The Return of Nijinsky – Part 1

Coming in February, John Neumeier and the Hamburg Ballet will perform “Nijinsky” at the War Memorial Opera House in San Francisco. Below (from SF Classical Voice and authored by Janice Berman), is Part 1 of an overview of the ballet:

Nijinsky, John Neumeier’s full-length spectacular inspired by the seminal dancer, choreographer, and tragic figure of the 20th century, has arrived in San Francisco 13 years after its premiere. No point mourning that lost time. Just hasten over to the War Memorial Opera House and take it all in. The San Francisco Ballet is hosting the Hamburg Ballet, where the Milwaukee-born Neumeier, who began poring over Vaslav Nijinsky’s biography “before puberty,” as he puts it, is marking his 40th anniversary as Hamburg’s artistic director. He’s created many other ballets, including last year’s SFB hit The Little Mermaid, but Nijinsky’s explosive, searing essence lets us know that it’s the one closest to Neumeier’s heart.

Nijinsky begins and ends with the end of Nijinsky’s career — his final performance on Jan. 19, 1919 in a hotel ballroom in St. Moritz. As the elegant crowd looks on, Nijinsky (Alexandre Riabko) looks back. Other dancers portray characters for which he became famous, in a kind of swirling fantasy; his family, dancers all, dances in as well. His mother, Eleonora Bereda and his father, Thomas Nijinsky, a pair of dancers; his wife, Romola (Hélène Bouchet), in red; his sister the choreographer Bronislava Nijinska (Patricia Tichy), his mentally disturbed dancer brother Stanislaw (Aleix Martínez). And, importantly, there is Serge Diaghilev (Carsten Jung), the impresario, Nijinsky’s mentor and lover, who fired Nijinsky after he married Romola, ending his career.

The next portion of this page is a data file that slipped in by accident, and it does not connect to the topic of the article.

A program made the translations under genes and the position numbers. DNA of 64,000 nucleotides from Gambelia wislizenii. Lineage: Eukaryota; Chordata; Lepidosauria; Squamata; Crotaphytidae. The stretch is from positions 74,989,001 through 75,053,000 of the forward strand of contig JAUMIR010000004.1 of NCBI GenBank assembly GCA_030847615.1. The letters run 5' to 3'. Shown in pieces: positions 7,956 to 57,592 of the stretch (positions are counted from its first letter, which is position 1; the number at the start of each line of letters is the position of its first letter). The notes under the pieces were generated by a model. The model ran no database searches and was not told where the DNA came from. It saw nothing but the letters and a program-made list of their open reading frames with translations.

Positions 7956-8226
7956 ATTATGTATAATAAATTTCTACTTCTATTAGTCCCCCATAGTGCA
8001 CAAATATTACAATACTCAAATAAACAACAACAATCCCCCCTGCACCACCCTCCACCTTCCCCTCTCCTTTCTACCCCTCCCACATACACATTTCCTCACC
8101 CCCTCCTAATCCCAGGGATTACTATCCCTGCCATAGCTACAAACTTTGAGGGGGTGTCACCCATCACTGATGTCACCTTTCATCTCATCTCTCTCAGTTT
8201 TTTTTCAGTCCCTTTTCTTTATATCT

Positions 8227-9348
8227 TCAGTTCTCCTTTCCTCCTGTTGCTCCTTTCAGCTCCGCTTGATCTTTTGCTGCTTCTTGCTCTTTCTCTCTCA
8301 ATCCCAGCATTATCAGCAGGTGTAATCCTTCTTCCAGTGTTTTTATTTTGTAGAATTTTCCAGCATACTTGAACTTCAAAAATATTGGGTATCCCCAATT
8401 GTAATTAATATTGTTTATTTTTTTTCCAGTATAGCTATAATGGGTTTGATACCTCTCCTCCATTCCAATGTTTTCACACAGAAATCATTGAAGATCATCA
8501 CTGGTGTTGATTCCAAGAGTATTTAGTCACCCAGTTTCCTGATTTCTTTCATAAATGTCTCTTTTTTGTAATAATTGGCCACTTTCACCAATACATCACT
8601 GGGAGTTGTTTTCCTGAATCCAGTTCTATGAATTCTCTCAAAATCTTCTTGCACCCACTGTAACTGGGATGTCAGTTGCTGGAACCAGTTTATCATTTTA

A sense of shape-shifting suffuses the ballet. Nobody remains what he or she seems for very long, except, of course, Nijinsky. In the first act, in fact, even the ballroom seems to melt and slide, as the dance grows more crazed and Nijinsky’s perceptions more skewed. Neumeier has a gift for body expressiveness in individual characters but also in big groups. In the first act, a circling, leaping skein of women, gowned in shades of brilliant orange, helps connect more intimate sequences.

Stay tuned for Part II of the article, coming next month.

Leap for Dance — our Kickoff Fundraiser for Adults in Ballet

Rumbo al Sur

I’m so excited about our first Kickoff Fundraiser for Adults in Ballet – Philanthropy for Dance, coming up in May on Wednesday, May 16th. We’re hosting it at one of the hottest new restaurants around in Oakland, Rumbo Al Sur – Pan American cuisine meets California! It’s partly a benefit to raise money for a local Performing Arts High School – the Skyline High School Dance program (as a portion of the proceeds will go toward a $1500. donation to Skyline) and partly to raise funds for ongoing administrative costs, including the 501(c)(3) designation for Adults in Ballet.

I’ll be speaking about how Adults in Ballet got started – what was the impetus behind it and our vision for the future. We’ll also showcase our team of consultants we’ve amassed, from SEO and Marketing expert Diana Morgan of Whole Heart Marketing, Publicity expert extraordinaire Jill Lublin (co-author of “Guerrilla Publicity”), to Marina Eglevsky (Ballet and Dance consultant to the Director). Also we have Stu Sweetow of Audio Visual Consultants in Oakland, who’ll be working with us on developing fundraising videos and DVD’s, Pat Sullivan of Visionary Resources, speech writer and business consultant, to Wyolah Garden, enrolled agent and special consultant for non-profits, to Bill Bachrach, attorney for Adults in Ballet.

Representatives of Skyline High School Performing Arts Dance Dept. are scheduled to speak about the Skyline High Dance program, their needs and plans for the future.